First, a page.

How to Celebrate Navaratri

Some general guidelines regarding celebration of Navaratri

There is an endless variety of modes of worship and observance for Navaratri, the nine nights of Devi.  During these nine days and nine nights, Ma Durga is worshiped for the first three days, then Ma Lakshmi for the fourth through sixth days and finally Ma Saraswati for the last three days.  Vijaya Dashami (the tenth day) celebrates the triumph of Devi over the Rakshasas, the defeat of Ravana by Rama, and of Dharma generally over Adharma.  Ma Durga destroys our enemies and negative tendencies; Ma Lakshmi bestows upon us that which is auspicious and good; and Ma Saraswati illuminates our minds and consciousness with the radiance of subtle intelligence and wisdom and the eternal truths of the Mahavakyas (the great Vedantic aphorisms revealed in the Upanishads) – Tat Tvam Asi, Aham Brahmasmi, Ayam Atma Brahma, etc.

For those who do not already have a specific routine in place for observing Navaratri, here are some general guidelines:


At the beginning of Navaratri (some say on the night of Amavasya or in the morning of Pratipat (the first official day of Navaratri)), one should set up the altar for Devi.  This can either be in the puja room, or if not possible, then use a designated space elsewhere in the house.  Make sure that the site is quiet and not an area where there will be eating, talking, or noise from the TV, etc. Ritual purity is important in the observance of any vrata (sacred observance / undertaking).  When so much energy and tapobala (accumulation of spiritual strength and power) is generated, ritual purity is what seals that energy within and keeps it from leaking away – like if a bucket is filled with water, but if there are holes at the bottom, the water will drain out.  Observance of rules of ritual purity – such as showering before cooking prasadam or entering the puja area, keeping a set of special clothes that are used for puja only, washing and keeping puja vessels separately, keeping meticulous cleanliness, etc. – is what makes our sadhana bear fruit.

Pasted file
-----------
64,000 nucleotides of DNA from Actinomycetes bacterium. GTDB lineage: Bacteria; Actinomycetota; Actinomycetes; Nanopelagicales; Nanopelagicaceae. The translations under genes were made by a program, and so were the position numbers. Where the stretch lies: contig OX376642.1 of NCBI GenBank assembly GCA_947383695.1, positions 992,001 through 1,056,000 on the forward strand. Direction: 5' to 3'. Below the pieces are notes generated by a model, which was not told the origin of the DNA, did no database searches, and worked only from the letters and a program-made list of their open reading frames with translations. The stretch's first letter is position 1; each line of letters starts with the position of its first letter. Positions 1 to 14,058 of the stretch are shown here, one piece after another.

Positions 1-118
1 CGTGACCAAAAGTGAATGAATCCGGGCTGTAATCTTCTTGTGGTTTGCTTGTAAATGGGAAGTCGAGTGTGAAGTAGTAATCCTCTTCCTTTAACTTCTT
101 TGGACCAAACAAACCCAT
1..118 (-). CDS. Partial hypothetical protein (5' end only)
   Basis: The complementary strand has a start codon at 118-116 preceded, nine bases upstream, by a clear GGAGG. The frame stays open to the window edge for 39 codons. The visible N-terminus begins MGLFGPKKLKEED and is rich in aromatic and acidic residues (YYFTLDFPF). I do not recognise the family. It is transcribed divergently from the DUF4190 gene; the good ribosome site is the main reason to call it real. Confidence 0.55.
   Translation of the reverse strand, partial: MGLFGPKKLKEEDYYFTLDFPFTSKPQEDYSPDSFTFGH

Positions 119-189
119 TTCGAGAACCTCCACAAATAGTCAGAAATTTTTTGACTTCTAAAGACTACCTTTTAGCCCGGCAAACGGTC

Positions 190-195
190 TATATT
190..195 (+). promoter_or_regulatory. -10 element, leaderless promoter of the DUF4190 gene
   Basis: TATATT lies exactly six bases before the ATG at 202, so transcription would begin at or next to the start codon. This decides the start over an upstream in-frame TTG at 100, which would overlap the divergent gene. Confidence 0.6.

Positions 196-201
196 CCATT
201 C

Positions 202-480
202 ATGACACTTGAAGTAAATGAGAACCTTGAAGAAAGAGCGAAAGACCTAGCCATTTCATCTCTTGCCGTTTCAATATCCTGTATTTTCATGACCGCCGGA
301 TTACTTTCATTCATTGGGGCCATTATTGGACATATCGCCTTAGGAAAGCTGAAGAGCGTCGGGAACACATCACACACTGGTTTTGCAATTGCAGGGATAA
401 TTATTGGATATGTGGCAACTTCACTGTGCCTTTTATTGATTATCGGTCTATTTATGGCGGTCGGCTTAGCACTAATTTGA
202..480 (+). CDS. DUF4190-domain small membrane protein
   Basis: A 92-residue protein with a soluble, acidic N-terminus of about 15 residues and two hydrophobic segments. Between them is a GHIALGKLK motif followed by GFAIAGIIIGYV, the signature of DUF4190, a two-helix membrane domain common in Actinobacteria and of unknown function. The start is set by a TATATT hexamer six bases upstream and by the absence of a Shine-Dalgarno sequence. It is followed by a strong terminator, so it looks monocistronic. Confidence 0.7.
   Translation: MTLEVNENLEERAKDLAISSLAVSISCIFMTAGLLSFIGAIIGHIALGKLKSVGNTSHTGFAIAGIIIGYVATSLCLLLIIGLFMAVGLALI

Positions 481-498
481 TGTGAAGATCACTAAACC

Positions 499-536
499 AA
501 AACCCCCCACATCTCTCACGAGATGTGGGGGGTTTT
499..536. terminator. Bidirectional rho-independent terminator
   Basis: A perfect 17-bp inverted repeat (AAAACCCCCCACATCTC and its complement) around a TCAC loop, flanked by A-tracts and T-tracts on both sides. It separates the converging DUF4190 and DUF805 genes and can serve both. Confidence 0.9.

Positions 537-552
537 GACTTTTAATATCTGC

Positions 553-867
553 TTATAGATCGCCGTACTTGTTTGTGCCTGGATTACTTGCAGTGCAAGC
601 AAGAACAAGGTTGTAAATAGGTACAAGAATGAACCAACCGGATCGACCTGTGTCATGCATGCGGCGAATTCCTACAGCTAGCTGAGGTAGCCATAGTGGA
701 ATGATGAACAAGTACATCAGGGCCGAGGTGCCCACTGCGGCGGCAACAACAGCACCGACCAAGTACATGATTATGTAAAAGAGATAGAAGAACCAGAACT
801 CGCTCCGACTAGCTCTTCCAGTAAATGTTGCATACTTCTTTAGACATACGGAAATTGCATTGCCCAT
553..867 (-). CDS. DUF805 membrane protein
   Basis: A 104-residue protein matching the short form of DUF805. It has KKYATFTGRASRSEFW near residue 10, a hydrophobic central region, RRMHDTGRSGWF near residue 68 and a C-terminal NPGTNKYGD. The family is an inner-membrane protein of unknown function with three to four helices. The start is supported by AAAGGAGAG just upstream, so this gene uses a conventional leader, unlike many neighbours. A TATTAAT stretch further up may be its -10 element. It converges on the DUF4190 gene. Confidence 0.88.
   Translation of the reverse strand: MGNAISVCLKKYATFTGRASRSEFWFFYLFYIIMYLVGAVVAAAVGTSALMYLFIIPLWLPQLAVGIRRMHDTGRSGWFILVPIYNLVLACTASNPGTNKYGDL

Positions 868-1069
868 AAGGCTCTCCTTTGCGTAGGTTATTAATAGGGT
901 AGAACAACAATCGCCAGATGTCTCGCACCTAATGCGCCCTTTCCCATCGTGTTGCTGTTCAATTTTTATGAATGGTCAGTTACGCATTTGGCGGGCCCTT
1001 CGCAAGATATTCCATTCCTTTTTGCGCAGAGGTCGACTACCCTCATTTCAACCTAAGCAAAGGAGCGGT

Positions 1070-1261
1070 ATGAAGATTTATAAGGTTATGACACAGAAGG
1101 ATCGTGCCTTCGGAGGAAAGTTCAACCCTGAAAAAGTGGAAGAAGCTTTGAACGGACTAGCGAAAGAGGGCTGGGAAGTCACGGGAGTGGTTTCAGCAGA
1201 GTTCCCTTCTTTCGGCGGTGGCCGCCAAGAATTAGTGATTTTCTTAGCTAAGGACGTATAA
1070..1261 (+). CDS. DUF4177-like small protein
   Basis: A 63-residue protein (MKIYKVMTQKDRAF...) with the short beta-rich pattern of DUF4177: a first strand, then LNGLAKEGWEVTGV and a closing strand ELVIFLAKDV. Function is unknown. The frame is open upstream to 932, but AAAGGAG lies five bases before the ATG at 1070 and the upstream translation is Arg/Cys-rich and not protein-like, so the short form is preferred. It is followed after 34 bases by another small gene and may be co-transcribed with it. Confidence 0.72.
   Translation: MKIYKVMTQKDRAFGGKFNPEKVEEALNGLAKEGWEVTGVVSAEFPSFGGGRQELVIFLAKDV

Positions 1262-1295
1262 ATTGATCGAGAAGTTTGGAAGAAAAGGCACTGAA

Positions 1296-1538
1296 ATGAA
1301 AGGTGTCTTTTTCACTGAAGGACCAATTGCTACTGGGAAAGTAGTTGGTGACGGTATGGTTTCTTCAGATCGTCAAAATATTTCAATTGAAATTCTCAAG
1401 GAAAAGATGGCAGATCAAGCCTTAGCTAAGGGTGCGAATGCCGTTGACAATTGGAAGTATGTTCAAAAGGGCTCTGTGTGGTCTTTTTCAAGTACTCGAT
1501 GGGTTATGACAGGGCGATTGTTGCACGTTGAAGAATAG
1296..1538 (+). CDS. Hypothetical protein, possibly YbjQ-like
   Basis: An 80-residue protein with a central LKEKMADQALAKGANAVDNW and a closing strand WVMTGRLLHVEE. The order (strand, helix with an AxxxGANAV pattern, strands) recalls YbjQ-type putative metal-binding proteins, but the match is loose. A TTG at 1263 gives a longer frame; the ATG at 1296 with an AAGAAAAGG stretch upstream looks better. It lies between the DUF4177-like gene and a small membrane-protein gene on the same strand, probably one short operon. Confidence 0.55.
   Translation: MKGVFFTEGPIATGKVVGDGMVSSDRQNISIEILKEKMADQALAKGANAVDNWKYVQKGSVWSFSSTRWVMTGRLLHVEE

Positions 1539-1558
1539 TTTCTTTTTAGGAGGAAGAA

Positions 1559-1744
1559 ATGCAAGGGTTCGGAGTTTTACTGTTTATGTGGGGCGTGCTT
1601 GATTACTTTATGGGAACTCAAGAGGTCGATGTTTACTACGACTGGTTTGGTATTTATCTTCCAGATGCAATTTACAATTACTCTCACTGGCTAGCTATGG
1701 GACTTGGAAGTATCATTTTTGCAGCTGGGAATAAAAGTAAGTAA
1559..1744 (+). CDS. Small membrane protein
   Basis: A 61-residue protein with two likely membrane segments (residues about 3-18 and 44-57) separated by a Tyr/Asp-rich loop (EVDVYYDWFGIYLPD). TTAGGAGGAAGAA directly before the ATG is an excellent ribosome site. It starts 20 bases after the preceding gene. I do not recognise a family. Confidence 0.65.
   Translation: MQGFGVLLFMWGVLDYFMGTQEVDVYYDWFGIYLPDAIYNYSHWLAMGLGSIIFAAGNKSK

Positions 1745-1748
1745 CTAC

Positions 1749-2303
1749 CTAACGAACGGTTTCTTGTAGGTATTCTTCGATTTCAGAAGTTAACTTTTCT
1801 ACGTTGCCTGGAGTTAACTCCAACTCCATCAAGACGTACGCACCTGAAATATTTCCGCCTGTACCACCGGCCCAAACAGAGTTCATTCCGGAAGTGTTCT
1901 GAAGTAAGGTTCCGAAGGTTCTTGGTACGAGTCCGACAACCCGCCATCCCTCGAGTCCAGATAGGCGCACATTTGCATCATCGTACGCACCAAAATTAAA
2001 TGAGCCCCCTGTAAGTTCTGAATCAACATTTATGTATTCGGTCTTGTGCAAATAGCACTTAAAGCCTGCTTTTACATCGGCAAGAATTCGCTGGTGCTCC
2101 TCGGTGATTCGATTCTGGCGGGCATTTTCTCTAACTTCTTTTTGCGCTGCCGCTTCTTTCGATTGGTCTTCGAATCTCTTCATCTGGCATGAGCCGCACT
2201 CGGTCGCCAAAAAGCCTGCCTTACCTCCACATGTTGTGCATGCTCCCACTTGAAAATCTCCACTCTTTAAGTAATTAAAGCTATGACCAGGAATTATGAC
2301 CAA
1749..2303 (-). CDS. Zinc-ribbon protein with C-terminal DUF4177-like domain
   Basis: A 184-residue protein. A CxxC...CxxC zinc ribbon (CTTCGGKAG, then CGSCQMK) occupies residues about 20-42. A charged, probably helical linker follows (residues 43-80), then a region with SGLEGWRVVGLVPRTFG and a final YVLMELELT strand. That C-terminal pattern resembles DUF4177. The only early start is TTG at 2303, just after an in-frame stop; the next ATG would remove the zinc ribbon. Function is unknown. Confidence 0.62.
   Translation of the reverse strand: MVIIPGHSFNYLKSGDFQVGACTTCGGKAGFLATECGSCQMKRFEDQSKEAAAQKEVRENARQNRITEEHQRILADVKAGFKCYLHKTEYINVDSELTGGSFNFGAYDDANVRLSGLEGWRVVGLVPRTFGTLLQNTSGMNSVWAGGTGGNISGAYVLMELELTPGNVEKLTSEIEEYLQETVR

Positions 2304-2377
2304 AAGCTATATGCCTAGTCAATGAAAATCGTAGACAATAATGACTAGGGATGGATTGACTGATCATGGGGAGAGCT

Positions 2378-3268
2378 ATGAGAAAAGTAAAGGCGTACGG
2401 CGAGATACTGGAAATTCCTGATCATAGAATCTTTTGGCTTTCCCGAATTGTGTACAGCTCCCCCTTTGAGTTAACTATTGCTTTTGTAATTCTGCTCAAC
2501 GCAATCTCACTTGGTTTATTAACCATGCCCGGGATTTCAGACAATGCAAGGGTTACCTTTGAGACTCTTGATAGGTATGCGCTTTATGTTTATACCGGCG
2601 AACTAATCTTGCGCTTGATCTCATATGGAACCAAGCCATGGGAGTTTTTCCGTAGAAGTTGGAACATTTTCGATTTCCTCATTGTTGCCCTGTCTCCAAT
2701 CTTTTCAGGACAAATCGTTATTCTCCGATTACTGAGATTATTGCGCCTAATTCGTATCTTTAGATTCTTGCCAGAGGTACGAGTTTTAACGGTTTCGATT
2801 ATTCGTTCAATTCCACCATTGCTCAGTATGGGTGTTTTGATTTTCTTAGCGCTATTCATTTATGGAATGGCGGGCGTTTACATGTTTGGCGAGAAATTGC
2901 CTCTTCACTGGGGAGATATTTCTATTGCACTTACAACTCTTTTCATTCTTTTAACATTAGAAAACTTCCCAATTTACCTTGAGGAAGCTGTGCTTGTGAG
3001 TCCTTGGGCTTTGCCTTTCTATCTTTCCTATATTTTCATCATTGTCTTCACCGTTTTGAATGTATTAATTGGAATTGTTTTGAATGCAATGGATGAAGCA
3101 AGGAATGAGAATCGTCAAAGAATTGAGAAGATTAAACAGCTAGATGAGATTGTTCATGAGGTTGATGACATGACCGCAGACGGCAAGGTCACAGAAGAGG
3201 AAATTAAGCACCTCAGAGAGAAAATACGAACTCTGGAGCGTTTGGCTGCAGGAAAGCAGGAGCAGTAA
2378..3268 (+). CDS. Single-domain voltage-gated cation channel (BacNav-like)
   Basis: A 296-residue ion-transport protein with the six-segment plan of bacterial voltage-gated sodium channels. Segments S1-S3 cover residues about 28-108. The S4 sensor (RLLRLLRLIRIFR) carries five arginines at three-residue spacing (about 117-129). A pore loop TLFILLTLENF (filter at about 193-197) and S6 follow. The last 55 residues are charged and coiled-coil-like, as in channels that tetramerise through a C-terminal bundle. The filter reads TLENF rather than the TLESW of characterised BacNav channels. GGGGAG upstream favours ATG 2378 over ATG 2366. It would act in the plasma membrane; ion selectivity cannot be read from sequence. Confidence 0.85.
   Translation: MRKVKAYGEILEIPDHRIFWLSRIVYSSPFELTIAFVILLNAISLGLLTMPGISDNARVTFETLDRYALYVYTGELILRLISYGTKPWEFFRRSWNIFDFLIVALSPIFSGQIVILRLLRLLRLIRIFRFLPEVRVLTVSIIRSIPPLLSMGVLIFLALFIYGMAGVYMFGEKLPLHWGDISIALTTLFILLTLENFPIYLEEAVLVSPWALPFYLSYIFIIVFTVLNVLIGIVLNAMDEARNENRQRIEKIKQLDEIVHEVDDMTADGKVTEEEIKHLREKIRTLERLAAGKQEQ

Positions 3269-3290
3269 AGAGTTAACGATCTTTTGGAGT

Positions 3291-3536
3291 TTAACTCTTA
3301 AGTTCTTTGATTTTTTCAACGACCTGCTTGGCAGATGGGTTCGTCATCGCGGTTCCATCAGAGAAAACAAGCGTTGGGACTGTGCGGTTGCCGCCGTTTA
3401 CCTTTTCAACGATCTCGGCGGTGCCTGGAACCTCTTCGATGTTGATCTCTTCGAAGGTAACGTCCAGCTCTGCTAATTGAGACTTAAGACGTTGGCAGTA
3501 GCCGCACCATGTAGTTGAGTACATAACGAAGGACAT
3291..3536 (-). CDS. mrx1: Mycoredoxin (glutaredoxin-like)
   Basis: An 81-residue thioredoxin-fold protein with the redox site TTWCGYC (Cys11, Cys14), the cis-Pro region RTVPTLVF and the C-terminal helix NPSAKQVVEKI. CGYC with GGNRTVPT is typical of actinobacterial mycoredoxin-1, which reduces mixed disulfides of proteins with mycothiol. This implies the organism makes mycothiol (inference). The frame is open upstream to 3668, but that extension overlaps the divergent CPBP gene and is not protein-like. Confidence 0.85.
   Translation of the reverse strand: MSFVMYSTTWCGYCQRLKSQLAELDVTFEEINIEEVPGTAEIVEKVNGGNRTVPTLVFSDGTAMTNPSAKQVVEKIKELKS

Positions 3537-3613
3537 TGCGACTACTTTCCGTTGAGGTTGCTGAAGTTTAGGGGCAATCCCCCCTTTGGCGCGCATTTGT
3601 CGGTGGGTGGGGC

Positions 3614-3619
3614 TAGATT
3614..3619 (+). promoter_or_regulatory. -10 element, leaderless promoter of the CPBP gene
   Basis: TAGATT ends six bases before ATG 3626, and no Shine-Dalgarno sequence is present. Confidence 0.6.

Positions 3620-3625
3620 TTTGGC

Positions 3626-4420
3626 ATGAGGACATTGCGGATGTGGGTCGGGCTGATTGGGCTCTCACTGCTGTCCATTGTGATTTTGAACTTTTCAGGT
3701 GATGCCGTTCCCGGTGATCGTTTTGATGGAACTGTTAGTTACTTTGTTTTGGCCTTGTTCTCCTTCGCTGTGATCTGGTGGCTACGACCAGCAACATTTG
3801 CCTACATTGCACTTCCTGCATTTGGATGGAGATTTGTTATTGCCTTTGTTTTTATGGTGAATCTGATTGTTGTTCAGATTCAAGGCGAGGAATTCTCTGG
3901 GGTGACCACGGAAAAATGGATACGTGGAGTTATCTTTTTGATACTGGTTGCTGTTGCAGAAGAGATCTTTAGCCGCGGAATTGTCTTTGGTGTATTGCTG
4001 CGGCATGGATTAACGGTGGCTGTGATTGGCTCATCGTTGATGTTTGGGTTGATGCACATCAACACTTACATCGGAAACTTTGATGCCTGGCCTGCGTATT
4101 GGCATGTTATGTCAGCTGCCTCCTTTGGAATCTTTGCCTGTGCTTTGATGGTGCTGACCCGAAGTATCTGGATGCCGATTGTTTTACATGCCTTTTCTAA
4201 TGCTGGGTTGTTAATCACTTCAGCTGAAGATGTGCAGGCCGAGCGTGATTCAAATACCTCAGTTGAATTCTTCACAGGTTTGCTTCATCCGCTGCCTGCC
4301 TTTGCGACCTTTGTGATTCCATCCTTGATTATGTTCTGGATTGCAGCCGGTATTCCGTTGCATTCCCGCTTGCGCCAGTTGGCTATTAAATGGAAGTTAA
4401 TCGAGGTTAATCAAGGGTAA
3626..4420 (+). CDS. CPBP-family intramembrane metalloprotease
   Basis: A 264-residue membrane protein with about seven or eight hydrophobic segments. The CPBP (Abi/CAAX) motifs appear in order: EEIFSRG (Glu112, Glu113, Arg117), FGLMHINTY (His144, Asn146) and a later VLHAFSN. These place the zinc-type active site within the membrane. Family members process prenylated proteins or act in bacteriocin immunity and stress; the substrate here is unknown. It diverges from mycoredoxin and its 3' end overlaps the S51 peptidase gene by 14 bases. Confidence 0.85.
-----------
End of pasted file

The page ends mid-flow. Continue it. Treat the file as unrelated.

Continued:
The altar can be as simple or as elaborate as you wish.  In South India, a beautiful arrangement of golu dolls are kept on a series of steps especially for Navaratri.  These dolls are often handed down, generation to generation, and carefully wrapped and stored during the rest of the year.  Banana leaves and rangoli / kolam are used to beautify the altar.

Clean the designated area and the table can be covered by a red cloth.  The most important step is the Kalasha Sthapana, establishing the kalasha.  Take a copper kalasha, fill it with water, tie a red thread around it and decorate it as you wish, setting it on top of a tray of raw rice.  Apply haldi and kumkum to the kalasha, cover it with a coconut and mango leaves (or, if not available, a small plate can be kept on top with a small image of Devi).  There is a full puja that can be done for kalasha sthapana, or else, one can simply recite Gange ca Yamuna caiva Godavari Saraswati, Narmada Sindhu Kaveri, jalesmin sannidhim kuru (invocation of the seven sacred rivers, while filling the kalasha with the water.

The kalasha is to be kept like this, undisturbed, for the entire Navaratri.  It is a manifestation of Devi Herself.  Every morning and night, an oil or ghee lamp should be lit in front of the kalasha.  Naivedyam (food offering) should be offered daily, along with flowers.  The special naivedyam for Navaratri is sundal (cooked kala chana, chickpeas, whole moong daal, etc., served dry with coconut, curry leaves, mustard seeds, etc.) , but one can simply serve fruits and nuts instead.  All worship for Navaratri will be performed in front of the kalasha, and at the end of Navaratri, the kalasha is shaken gently and the water used to sanctify the entire house.